MAJESTY OF EVEREST ON IMAX LESSENED ON TV.Byline: Eric Mink New York Daily News New York Daily News
Morning daily tabloid newspaper published in New York City. It was founded in 1919 by Joseph Medill Patterson and his cousin Robert McCormick as a subsidiary of the Tribune Co. of Chicago. The first successful tabloid-format newspaper in the U.S.
Having seen the original IMAX IMAX
a film projection process that produces an image ten times larger than standard version of ``Everest'' four times, I have some advice for anyone planning to watch its world television debut at 8 tonight on TNT TNT: see trinitrotoluene.
in full trinitrotoluene
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Sit really close, and turn up the volume really loud.
Assuming your TV is superb and your reception flawless - hardly minor qualifications - you will see stunningly sharp, clear, vibrant images shot during a May 1996 film-making expedition to the top of the world.
Your memory is correct if you recall 1996 as the year eight Everest climbers lost their lives. The IMAX crew, led by Ed Viesturs Ed Viesturs (born June 22, 1959) is one of the world's premier high-altitude mountaineers. He is the first American, and 12th person overall, to summit all fourteen mountains over 8000 meters (collectively known as the eight-thousanders), and the sixth climber to do it without of the U.S. and Jamling Tenzing Norgay Jamling Tenzing Norgay (b. April 23 1965 in Darjeeling) is an Indian Sherpa mountain climber.
He is the son of Tenzing Norgay, who first climbed Mount Everest in 1953 with Edmund Hillary, and Daku, his third wife. of India, was on the mountain at the time.
Indeed, as ``Everest'' recounts, the crisis halted production of the film for a period of time, first to allow Viesturs and his colleagues to assist in rescue efforts and then to allow them to recover from the emotional shock of the events.
To its credit, ``Everest'' is restrained in its account of these matters, touching on the inherent drama of the deaths and the miraculous survival of Texas doctor Beck Weathers, but exploiting neither.
The meat of the film is the step-by-step efforts of the Viesturs/IMAX team to reach the top of the world's tallest mountain. A simple and direct narration read by Liam Neeson (written by Tim Cahill
The photography (by cinematographer/co-director David Breashears and his colleagues) is as dazzling as you'd expect, with climbers using ladders to bridge deep crevasses, battling the strength-sapping, mind-numbing lack of oxygen and picking their way up a wall of snow and ice in the blackness of midnight, their way illuminated only by the battery-powered lights strapped to their heads.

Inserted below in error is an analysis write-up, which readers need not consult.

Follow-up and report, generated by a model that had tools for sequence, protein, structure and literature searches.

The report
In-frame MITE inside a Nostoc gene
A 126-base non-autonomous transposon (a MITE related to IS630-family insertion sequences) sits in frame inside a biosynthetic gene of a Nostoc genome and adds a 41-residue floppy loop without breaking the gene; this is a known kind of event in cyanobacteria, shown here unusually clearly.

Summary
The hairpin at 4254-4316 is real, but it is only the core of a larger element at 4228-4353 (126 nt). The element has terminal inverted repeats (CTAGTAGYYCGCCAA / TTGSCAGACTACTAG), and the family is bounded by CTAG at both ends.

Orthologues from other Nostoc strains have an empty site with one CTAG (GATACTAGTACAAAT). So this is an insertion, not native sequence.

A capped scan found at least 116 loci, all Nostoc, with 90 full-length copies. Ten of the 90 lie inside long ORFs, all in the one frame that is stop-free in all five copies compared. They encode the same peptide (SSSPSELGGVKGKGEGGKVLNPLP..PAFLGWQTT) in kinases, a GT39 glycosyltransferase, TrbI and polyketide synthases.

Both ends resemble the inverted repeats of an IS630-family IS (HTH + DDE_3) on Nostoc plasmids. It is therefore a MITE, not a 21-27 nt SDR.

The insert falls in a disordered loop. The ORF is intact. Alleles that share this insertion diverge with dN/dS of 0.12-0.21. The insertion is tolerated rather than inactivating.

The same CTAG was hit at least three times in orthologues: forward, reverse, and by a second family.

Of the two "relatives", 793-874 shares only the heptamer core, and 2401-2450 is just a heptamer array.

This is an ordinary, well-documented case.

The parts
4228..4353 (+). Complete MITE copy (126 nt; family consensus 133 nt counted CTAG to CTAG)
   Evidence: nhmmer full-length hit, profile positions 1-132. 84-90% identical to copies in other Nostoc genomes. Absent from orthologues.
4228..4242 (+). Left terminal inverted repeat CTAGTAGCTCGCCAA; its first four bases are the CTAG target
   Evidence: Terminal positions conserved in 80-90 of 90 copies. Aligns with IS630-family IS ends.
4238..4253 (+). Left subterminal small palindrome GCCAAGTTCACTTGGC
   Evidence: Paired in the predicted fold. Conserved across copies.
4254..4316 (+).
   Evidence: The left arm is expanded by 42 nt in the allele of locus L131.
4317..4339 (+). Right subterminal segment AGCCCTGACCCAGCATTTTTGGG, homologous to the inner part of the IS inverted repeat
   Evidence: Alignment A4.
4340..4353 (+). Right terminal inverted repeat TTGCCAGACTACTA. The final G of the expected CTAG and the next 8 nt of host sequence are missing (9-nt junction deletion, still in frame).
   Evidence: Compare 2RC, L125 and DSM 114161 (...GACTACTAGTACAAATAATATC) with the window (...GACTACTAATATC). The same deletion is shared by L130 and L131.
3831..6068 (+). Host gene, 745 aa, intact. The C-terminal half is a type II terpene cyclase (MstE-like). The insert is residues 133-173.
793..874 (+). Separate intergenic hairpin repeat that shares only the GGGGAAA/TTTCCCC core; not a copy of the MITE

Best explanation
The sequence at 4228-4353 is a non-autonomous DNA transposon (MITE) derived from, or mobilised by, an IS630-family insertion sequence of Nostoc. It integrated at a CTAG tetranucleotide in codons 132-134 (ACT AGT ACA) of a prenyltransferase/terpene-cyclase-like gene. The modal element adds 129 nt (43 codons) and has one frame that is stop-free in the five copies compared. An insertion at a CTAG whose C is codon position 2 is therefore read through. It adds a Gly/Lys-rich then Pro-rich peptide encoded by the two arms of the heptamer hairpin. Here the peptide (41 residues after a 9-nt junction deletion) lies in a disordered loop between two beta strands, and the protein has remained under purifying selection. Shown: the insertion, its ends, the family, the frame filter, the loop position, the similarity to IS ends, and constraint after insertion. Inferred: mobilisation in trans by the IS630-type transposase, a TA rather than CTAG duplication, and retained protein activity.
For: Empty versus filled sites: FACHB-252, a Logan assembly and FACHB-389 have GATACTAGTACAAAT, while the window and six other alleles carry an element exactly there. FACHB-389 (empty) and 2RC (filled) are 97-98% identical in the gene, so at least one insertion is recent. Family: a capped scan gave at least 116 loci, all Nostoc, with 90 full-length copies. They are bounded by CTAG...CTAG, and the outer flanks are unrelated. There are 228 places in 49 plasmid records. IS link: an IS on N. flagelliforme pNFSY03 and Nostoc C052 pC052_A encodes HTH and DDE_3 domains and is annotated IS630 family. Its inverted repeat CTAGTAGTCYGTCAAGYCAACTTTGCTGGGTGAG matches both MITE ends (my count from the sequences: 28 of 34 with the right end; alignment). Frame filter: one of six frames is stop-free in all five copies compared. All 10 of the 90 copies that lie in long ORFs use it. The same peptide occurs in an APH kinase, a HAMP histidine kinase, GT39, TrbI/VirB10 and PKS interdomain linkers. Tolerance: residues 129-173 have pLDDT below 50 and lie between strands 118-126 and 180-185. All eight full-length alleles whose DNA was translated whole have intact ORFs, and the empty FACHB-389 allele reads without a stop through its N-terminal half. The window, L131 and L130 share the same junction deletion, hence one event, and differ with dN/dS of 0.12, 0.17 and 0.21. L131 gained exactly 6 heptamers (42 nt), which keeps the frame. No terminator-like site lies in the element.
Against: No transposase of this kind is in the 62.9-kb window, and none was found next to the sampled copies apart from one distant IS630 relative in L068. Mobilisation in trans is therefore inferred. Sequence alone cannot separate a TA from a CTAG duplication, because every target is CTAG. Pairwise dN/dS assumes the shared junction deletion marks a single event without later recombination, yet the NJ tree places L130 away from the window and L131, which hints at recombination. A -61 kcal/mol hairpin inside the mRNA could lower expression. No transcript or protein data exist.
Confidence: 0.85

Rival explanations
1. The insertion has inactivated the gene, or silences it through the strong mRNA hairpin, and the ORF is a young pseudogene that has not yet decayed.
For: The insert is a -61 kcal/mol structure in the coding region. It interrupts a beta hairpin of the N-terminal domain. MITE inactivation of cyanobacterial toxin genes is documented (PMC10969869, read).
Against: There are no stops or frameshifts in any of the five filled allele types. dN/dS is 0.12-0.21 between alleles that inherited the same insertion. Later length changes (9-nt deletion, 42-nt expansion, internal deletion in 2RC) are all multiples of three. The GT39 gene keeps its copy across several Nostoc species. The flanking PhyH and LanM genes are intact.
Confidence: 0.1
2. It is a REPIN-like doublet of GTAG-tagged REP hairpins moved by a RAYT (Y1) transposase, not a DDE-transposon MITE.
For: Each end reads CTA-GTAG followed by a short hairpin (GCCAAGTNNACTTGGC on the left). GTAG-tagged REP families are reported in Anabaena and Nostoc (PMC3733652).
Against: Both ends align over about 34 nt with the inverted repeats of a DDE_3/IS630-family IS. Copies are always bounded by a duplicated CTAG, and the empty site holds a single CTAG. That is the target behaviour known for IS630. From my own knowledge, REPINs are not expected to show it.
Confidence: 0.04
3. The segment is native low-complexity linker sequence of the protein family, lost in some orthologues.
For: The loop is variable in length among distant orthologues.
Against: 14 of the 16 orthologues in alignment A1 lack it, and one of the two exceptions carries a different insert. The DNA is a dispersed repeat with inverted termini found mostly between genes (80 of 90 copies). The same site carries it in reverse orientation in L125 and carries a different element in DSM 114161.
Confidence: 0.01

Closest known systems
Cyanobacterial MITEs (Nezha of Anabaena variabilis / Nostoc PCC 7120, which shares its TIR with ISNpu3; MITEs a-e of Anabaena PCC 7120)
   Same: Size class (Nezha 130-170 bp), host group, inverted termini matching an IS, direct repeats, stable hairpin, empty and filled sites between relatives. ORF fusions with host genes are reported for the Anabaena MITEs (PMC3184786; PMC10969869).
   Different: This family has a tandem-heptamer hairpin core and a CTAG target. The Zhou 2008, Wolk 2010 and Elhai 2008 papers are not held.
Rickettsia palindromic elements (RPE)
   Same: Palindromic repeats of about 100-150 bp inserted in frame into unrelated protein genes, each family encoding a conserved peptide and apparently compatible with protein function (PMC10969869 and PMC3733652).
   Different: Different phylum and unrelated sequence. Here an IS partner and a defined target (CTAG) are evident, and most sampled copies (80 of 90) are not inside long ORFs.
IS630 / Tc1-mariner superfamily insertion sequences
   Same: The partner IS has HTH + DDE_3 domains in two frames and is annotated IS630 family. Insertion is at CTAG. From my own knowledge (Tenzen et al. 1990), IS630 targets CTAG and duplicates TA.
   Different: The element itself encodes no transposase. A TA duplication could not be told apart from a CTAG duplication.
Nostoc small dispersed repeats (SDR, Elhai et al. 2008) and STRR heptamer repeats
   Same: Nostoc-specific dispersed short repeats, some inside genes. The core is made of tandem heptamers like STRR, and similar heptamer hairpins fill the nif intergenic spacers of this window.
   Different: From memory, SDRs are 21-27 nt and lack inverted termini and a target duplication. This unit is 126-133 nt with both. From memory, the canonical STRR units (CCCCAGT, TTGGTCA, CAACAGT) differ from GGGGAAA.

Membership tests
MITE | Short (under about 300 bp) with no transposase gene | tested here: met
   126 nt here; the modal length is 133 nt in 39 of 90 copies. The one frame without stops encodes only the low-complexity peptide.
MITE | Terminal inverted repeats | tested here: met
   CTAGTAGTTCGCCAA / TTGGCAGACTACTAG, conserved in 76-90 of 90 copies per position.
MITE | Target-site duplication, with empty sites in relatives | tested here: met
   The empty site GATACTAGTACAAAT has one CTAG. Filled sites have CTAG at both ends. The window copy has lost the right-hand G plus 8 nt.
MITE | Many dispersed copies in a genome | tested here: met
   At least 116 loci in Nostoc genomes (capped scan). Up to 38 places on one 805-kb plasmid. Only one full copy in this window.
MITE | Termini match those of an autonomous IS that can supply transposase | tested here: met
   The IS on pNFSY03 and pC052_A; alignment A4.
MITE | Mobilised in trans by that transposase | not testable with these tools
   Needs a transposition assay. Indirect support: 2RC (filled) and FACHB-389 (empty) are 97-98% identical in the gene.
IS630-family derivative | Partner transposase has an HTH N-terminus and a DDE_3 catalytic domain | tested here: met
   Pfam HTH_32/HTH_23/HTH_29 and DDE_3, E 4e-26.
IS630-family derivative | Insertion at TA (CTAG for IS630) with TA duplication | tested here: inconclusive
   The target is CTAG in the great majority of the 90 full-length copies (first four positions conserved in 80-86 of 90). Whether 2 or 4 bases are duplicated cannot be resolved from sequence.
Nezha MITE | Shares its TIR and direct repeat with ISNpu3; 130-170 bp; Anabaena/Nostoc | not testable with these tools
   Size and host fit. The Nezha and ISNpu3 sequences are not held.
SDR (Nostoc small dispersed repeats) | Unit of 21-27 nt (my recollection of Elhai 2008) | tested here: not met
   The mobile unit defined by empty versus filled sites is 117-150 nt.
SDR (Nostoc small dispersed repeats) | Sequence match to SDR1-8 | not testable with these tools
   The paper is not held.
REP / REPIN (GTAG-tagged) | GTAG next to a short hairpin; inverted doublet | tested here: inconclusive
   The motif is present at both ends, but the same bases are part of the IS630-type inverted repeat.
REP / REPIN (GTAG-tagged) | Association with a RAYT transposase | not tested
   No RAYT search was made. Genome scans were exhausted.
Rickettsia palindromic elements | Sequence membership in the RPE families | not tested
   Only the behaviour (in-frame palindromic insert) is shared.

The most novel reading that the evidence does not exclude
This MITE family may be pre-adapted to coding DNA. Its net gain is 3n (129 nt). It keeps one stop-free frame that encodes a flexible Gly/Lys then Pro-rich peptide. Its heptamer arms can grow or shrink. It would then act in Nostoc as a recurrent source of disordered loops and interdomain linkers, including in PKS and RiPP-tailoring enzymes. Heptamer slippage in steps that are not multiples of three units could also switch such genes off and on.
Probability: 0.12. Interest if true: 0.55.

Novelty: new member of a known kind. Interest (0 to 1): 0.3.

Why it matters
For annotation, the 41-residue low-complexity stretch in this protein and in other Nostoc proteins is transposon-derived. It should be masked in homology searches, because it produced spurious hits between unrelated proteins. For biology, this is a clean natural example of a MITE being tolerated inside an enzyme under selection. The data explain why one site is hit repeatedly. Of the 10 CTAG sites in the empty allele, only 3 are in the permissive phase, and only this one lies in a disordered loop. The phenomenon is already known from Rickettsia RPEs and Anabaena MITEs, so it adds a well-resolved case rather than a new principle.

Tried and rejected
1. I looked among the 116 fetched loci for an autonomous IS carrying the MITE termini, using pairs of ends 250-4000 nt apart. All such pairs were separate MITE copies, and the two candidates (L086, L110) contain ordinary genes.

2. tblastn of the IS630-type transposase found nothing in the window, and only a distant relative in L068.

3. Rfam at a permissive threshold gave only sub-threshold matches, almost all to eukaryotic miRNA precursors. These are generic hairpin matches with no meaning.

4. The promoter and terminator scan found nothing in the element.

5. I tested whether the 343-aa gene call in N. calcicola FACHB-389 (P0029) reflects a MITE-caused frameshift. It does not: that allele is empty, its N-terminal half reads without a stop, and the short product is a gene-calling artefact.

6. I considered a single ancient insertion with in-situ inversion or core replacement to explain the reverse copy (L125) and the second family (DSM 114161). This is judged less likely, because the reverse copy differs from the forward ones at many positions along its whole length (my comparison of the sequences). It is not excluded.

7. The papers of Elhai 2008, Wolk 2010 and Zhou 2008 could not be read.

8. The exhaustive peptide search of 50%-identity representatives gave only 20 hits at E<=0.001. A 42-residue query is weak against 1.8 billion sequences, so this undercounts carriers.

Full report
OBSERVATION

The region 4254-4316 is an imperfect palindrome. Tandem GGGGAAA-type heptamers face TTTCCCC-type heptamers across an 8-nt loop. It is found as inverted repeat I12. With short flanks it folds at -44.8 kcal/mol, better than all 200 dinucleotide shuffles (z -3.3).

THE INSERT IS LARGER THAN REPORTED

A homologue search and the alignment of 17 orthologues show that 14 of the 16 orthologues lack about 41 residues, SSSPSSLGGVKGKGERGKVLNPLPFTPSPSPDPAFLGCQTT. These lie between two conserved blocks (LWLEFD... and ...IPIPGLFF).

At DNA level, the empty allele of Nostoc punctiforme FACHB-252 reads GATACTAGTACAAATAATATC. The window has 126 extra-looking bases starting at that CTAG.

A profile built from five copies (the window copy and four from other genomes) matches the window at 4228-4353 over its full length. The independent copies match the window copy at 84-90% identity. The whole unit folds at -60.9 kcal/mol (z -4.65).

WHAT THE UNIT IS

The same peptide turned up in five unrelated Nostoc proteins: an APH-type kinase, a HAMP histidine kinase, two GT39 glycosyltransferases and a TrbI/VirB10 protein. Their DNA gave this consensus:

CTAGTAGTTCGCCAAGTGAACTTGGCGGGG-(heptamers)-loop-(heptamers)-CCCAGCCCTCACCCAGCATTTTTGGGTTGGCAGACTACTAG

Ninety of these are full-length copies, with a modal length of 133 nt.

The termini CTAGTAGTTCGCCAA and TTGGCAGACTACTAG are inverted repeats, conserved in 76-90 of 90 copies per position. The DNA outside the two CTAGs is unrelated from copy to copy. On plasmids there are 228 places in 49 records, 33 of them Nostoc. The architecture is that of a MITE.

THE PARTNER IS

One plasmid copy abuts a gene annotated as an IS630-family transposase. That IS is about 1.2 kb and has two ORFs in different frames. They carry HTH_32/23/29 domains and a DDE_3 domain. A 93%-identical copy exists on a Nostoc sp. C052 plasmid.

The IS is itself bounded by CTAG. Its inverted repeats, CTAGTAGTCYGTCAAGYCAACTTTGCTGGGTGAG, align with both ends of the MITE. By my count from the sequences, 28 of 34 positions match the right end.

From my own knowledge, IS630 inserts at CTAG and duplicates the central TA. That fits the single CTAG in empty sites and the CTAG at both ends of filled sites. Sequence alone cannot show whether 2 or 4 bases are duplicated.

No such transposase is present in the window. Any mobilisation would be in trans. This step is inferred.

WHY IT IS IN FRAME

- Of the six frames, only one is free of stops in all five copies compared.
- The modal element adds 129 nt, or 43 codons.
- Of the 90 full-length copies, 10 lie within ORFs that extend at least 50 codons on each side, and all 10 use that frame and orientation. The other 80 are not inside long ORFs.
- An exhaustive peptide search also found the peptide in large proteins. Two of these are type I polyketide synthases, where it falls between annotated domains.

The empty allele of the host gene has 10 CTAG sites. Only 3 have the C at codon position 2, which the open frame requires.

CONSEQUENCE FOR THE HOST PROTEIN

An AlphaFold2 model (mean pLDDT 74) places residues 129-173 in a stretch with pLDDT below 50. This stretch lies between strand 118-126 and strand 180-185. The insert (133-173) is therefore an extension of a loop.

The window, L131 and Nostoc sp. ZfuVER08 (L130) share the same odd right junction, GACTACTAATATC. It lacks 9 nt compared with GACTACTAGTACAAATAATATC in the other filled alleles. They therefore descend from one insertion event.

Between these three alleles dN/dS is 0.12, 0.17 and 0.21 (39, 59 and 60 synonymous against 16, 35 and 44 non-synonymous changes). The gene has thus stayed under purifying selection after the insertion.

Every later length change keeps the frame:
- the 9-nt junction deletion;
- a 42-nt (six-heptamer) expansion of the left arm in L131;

The emotional center of the film, though, lies mainly with the summit attempt by Jamling. In 1953, his father, Tenzing Norgay Tenzing Norgay
(born May 15, 1914, Tshechu, Tibet [now Tibet Autonomous Region, China]—died May 9, 1986, Darjeeling [now Darjiling], India) Tibetan Sherpa mountaineer. , and Sir Edmund Hillary were the first humans to ascend to the top of Everest and live to tell about it. Before Jamling's ascent on this expedition, nine other members of his family had reached the mountain's peak.
Make no mistake: Even with the finest home equipment and connections, the TNT experience of ``Everest'' can be no more than a faint approximation of the multistory mul·ti·sto·ry also mul·ti·sto·ried
Having several stories: a multistory hotel.
Adj. 1. images and multichannel Using two or more paths for transmission or processing. It can refer to a variety of architectures including (1) multiple I/O channels between the CPU and peripheral devices, (2) multiple wires in a cable, (3) multiple "logical" channels within a single wire or fiber or (4) multiple sound in an IMAX theater. Is it worth seeing? Yes. But keep in mind that after you've seen it on TV, you still haven't really seen it.
Earlier in the day, ``The Making of `Everest:' On Location in the Death Zone'' offers some insights into IMAX film making and the equipment developed to shoot in the often brutal environmental conditions of Everest. Produced and directed by Laura Davis, it's an enlightening 30 minutes.
The show: ``Everest.''
What: A team of climbers took on Mount Everest in 1996, and you get to see it all via this 1998 film. Repeats at 10:30 p.m. Why? Because it's there.
When: 8 and 9 tonight, repeating at 7 and 10:30 p.m. Sunday.
The show: ``The Making of `Everest:' On Location in the Death Zone.''
What: Discusses the making of the documentary.
When: Noon today.